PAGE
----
“But if you are borrowing and accumulating debts for the next generation and the next generation after them, it is criminal” — Obasanjo
” Nigeria runs the risk of entering another debt trap if it keeps borrowing to fill the needs of recurring expenditure spending”
“The Nigerian economy is not growing in any way or shape that can accommodate its needs, population growth, rates, location on scale of poor countries. It means that in terms of absolute numbers of people living in poverty, that this is one of the most terrible places to live in on earth” — Utomi
Incensed by the mounting debt profile of Nigeria, former President Olusegun Obasanjo has queried the Buhari administration’s quest for more foreign loans, describing it as a grand plan to pile up debts for the next generation.
Obasanjo warned that if the existing debt is left unserviced or unpaid, it might become a problem or serious burden for successive administrations.
“Borrowing is not a problem, what could be a problem would be what one is borrowing for and the plan or capacity to pay back.
“But if you are borrowing and accumulating debts for the next generation and the next generation after them, it is criminal,” he said in an interview in South Africa.
Obasanjo asked:”What are you borrowing for?”
Describing borrowing for frivolous expenditures as foolish, the ex-President also said: “If we are borrowing for recurrent expenditure, it is the height of folly.
“If we are borrowing for development that can pay for itself, that is understandable. Then the payment, how long will it take to pay itself?”
On the humongous debts piled up by the military administrations for him in 1999, Obasanjo recalled that the country was spending $3.5 billion to service debts that kept on increasing.
“When I came into government as elected President, we were spending $3.5 billion to service debts. Even with that, our quantum of debts was not going down.”
Persecondnews recalls that Obasanjo and his Minister of Finance, Dr Ngozi Okonjo-lweala had embarked on extensive travels to beg the Paris Club and other creditors to forgive Nigeria’s debts.
No sooner he left office handing over a debt-free nation than successive administrations started borrowing.
As at June 2021, Nigeria’s debts now stands at N35 trillion and it is likely to rise with President Buhari’s fresh loan request for “critical infrastructure”
Last week, he wrote to the National Assembly for approval to borrow $4,054,476,863 and €710 million in line with the 2018-2020 borrowing plan.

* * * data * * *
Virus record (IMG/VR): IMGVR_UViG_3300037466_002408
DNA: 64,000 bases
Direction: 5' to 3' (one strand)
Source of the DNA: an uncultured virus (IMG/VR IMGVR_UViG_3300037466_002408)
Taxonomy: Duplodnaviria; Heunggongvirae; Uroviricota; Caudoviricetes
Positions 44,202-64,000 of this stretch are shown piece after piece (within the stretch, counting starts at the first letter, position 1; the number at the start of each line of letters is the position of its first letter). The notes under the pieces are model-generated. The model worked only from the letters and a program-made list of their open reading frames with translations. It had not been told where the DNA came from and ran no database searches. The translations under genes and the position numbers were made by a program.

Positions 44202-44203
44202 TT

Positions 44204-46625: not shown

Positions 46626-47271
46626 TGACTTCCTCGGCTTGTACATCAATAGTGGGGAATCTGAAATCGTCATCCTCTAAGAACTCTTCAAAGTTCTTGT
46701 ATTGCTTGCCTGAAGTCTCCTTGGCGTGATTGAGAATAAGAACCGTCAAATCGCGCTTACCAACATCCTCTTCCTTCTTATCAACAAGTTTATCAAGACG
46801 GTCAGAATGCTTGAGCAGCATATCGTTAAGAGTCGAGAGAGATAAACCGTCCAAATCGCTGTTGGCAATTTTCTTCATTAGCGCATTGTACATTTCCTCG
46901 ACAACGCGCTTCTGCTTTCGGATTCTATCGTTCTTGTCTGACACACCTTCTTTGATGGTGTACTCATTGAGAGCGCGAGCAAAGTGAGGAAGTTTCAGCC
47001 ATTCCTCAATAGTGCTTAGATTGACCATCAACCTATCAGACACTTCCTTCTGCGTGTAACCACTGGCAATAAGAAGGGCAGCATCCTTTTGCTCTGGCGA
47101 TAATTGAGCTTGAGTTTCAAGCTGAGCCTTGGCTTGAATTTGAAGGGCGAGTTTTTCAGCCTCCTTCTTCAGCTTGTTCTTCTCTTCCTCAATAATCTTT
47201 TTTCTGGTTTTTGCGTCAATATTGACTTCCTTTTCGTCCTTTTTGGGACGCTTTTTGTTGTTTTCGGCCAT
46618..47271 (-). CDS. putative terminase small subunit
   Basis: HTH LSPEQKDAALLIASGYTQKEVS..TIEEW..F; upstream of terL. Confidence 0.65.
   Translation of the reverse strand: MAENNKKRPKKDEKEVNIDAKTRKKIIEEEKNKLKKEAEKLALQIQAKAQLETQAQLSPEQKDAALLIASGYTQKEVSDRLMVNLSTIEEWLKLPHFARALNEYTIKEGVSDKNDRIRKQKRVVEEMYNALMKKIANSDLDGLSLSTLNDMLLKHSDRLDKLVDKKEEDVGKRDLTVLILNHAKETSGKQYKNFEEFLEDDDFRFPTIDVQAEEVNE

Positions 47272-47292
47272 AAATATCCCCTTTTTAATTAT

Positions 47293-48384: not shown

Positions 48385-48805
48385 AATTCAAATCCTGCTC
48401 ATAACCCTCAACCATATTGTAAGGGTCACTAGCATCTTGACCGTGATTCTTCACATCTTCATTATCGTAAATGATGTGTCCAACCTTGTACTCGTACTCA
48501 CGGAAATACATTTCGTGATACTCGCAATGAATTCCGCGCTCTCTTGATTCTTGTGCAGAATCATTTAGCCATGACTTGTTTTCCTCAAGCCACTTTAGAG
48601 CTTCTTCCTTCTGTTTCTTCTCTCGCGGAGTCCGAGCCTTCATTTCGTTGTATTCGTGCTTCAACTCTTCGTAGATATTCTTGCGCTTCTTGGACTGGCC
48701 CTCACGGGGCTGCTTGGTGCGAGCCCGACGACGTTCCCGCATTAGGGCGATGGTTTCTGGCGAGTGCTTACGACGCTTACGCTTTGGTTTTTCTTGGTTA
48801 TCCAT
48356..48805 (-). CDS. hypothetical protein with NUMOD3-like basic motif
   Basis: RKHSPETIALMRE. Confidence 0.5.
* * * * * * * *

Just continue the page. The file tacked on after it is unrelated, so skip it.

Buhari had explained that owing to “emerging needs”, there is a need to raise more funds for some “critical projects”, while seeking the parliament’s nod to also approve grant components of $125 million.
In June, the National Assembly approved the sums of $8.3 billion and €490 million loans contained in the initial 2018-2020 borrowing plan.
Also commenting on the imminent debt crisis, a Political Economist, Prof. Pat Utomi, said Nigeria runs the risk of entering another debt trap if it keeps borrowing to fill the needs of recurring expenditure spending.
“Nigeria should develop a clear national strategy which looks at how growth can take place in sustainable manner in the economy and then borrow.
“Our country is going through a very trying period. This is a time for statesmen to emerge, not people arguing partisan position on things.
“The Nigerian economy is not growing in any way or shape that can accommodate its needs, population growth, rates, location on scale of poor countries. It means that in terms of absolute numbers of people living in poverty, that this is one of the most terrible places to live in on earth.
“In terms of statistic’s being said, yes, in an absolute sense, the fact of borrowing $4billion is not necessarily something that will kill Nigeria, even though if you look at how much of our revenues going into servicing debt, you have to worry.
“However, there is a converse point here. This country needs to grow like crazy, and it cannot grow unless you invest. The real issue is the targeting of borrowed funds.
Do I see the plans that these borrowings will facilitate the diversification of the economy? My straight answer is No, I do not see the plan,” Utomi said.
The professor of economics added: “Am I convinced that the targeting is enough to drive the kind of growth that will facilitate the economy to grow in a sustainable manner? I have not been given enough information to believe that it is the case.
“One of the reasons Nigeria is where it is today is that oil price dropped during the heat of last year compounded by supply chain challenges brought about by the lockdown which led to revenue shortfall of a significant nature.
“Because we have failed to do something we said we are doing which is to diversify the base of the Nigerian economy.”